All behaviors are a result of the identity that plays in a person’s mind. Your current behavior is simply a reflection of your current identity – which YOU have chosen to hold in YOUR mind. For example, if you see yourself as a teacher (and a person of high respect), your behavior automatically reflects this identity drawing you to talk about the subject, refer to books and other material that further enhance your knowledge, act and behave with people as a teacher. Over time, the response you receive from people, could possibly further reinforce this identity making you take even further steps to act in line with this identity. You won’t even realize at what point, the act of learning and teaching became a habit!
Go inside your mind now and check for the most prominent of such identities you currently hold, notice how they unconsciously shape your beliefs and make you act in the external world – including deliberately seeking out the right environments to suit the identities.
Therefore, to create a lasting habit, we must begin with creating an identity of ourself that aligns closely with that habit.
By contrast, go back to a time when you decided to adopt a new behavior/habit and failed to continue with it for long. As you recall that futile effort, go once again inside your mind and think of the motivators that prompted you to take up that behavior in the first place.
Long lasting habits are fuelled by a burning desire to fit into an identity. So if you change your identity (the type of person you believe you are), its lot easier to change your actions.
The reason why we find it so hard to stick to new habits/ behaviors is because they are usually motivated to achieve an appearance or performance.
For e.g: If your goal for exercising is to lose 10 Kgs, look slimmer and get the appreciation of friends – your goal is plugged at an Environment level.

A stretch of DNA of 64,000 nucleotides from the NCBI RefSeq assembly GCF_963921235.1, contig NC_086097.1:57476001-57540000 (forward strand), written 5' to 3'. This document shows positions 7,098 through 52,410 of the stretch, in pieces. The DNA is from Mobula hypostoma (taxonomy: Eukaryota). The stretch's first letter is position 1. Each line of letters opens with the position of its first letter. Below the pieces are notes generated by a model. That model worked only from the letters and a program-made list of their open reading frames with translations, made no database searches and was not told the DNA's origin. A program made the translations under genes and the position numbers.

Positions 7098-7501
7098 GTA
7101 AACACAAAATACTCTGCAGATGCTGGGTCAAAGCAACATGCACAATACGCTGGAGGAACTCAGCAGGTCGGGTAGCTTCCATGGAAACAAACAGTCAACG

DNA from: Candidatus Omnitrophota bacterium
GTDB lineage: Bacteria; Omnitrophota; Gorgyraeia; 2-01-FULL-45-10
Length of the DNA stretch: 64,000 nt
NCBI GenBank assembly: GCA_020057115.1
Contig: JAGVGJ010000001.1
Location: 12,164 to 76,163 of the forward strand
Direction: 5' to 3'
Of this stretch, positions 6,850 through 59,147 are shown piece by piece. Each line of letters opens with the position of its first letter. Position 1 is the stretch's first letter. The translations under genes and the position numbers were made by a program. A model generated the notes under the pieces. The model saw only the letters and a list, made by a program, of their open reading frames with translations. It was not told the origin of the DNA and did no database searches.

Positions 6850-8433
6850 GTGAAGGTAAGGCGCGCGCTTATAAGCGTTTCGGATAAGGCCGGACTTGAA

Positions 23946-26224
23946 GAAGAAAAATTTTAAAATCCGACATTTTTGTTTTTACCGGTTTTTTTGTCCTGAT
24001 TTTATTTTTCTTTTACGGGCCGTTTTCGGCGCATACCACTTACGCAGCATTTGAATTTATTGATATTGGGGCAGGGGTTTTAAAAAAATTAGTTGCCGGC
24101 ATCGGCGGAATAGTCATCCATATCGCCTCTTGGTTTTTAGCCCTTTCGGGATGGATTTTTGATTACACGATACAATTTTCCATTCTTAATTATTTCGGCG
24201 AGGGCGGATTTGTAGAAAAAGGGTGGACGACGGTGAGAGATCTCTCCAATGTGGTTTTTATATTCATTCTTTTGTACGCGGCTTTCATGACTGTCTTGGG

On the other hand, if your goal is to run 2Kms every day and then increase that to 4Kms in 3 months’ time – your goal is plugged at a Capability level. It is very likely that soon after you have achieved that milestone; it may cease to motivate you. Can you recall setting goals which, when accomplished, no longer excite you to maintain continuously?
Instead, if you assume the identity of a ‘Patient and Tough’ person who believes that good health is great for the body and mind, chances are you will start small…but the identity will hold you and keep pushing you on target each day. The best part here is, the more you stick to this identity, the more you go on as there are no specific milestones to cross…but simply reinforcing your identity of being ‘patient and tough’. Makes sense?
In my experience as a therapist dealing with smokers keen to kick the habit…it is not uncommon to hear stories such as;
It is important to point out that, the Logical Model has cascading effect in both directions.
For example, an environment can trigger a behavior, which in turn, aligns to the comfort of the individual’s capabilities. Capabilities are developed through time over a platform of beliefs created by what the person thinks he/she IS (i.e Identity).
Interestingly, the model works in the opposite direction just as well. So, if you see yourself as a fit, patient and resilient person (identity), it would automatically sprout corresponding beliefs that propel you with increased motivation and will power (beliefs) to take up some activity however trivial (capability) that you can do within available constraints of time, location, etc. (environment).
When you want to become better at something or start a new behavior, proving your identity to yourself is far more important than going after awesome results. The results will flow in automatically. Motivation originating from appearances and performances are quite short lived. Those driven by a new identity coupled with new beliefs, go on and on…until they become a new YOU !!
NOTE: All examples as well as scenarios in this article, are one of many possible responses in real life situations and simply meant for illustrating the concept.
Amit Pathak is a NLP Master Practitioner, Certified Hypnotherapist, professional therapist and international trainer who regularly conducts workshops on NLP and related therapy in India and abroad. Having worked with world renowned authorities in this field, for over a decade, he thoroughly enjoys learning and evolving new techniques and concepts aimed at assisting people in improving their lives. To read more such interesting articles, visit www.changeworx.in/articles.